Boston Police kept child sexual abuse allegations against union president secret: report
The Boston Police Department allegedly hid accusations of child molestation against Patrick Rose Sr., a former patrolman who became the president of the police union.
An investigation from The Boston Globe found that Boston Police knew of the evidence against Rose regarding the allegations, and still allowed him to serve as a patrolman.
According to the newspaper, the police department filed a criminal complaint against him in 1995 for sexual assault involving a 12-year-old boy. The complaint was dropped, but the department conducted an internal investigation which found that he likely committed a crime.
Boston Police wouldn’t tell the newspaper what disciplinary action was taken against Rose.
Even with these inquiries, the department allowed Rose to serve as a patrolman for 21 years, eventually becoming a head of a union that represents patrol officers, according to the Globe.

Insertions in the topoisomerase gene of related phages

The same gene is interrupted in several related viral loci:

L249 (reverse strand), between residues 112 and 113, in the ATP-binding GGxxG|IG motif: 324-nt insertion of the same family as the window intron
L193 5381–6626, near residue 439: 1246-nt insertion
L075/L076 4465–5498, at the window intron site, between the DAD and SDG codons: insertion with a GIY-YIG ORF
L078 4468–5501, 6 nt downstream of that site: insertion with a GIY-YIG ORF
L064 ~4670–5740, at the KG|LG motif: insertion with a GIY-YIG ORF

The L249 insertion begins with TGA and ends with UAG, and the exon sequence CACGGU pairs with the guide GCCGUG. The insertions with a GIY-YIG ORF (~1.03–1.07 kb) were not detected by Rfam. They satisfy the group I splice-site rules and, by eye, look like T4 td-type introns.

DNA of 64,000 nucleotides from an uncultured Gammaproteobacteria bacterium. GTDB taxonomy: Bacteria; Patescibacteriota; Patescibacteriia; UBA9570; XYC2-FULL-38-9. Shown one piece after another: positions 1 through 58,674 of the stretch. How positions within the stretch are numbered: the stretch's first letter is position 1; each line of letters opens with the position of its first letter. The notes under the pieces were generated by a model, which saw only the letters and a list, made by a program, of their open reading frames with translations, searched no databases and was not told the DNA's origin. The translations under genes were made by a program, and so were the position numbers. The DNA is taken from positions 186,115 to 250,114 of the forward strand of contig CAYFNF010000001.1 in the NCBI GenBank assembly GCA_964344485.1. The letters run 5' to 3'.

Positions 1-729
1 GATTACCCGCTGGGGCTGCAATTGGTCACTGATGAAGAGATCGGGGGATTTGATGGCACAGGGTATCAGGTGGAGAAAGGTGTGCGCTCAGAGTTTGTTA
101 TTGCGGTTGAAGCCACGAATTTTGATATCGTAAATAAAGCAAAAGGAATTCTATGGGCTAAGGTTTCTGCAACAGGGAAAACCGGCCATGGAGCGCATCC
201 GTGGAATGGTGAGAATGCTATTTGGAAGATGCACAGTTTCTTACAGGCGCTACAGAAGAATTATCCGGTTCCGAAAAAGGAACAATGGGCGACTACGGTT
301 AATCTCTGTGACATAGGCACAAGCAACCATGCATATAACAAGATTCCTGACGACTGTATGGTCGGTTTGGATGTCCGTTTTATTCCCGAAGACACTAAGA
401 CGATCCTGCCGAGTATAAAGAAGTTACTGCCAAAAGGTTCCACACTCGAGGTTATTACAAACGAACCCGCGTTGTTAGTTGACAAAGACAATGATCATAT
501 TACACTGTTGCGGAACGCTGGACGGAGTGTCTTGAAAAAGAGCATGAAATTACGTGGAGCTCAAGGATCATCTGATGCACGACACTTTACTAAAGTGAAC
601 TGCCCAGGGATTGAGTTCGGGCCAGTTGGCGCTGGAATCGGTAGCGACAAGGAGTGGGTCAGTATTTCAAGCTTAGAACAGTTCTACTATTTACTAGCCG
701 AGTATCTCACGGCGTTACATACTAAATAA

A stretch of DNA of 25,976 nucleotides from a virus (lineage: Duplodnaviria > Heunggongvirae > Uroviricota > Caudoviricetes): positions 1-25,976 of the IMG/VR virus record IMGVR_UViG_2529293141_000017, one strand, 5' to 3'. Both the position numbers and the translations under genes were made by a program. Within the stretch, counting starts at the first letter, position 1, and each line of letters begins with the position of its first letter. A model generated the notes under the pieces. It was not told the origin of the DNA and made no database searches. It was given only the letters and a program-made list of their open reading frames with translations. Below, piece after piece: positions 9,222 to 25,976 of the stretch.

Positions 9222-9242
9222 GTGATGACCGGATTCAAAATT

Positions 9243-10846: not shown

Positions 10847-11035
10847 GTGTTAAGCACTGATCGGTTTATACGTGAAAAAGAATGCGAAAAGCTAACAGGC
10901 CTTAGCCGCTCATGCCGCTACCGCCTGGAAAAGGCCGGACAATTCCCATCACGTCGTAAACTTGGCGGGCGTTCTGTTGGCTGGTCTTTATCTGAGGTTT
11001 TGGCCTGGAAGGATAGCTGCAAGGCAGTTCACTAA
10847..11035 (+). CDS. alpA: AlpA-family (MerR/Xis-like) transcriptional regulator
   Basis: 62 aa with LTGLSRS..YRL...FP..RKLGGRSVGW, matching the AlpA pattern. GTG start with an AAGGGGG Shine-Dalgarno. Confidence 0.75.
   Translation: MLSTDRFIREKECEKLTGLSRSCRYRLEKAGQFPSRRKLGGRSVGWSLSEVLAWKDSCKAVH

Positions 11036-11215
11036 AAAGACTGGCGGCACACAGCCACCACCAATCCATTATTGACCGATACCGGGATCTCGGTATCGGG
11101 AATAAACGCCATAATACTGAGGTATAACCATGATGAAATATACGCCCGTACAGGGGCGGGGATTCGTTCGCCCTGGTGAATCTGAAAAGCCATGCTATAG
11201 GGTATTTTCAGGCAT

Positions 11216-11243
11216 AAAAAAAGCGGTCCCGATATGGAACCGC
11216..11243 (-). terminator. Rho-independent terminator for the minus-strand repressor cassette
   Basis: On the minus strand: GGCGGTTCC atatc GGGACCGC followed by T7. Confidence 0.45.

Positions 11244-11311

The investigation from the Globe further found that after the 1995 incident, Rose was still allowed to have contact with vulnerable children, and was even called to testify as the arresting officer in a child sexual assault case in 2006.
The news comes after Rose reportedly faces over 30 charges of sexual abuse of minors aged seven to 16 in Suffolk Superior Court. He is currently held in jail for $200,000 cash bail.
Acting Boston Mayor Kim Janey (D) told the Globe that the department’s behavior was
“It is appalling that there was a documented history of alleged child sexual abuse, yet this individual was able to serve out his career as an officer and eventually become the head of the patrolmen’s union for several years,” she added.
“Under no circumstance will crimes of this nature be tolerated under my administration, and we will not turn a blind eye to injustices as they arise.”
The Hill has reached out to the police department and police union for comment.
Rose is reportedly fighting the allegations brought against him.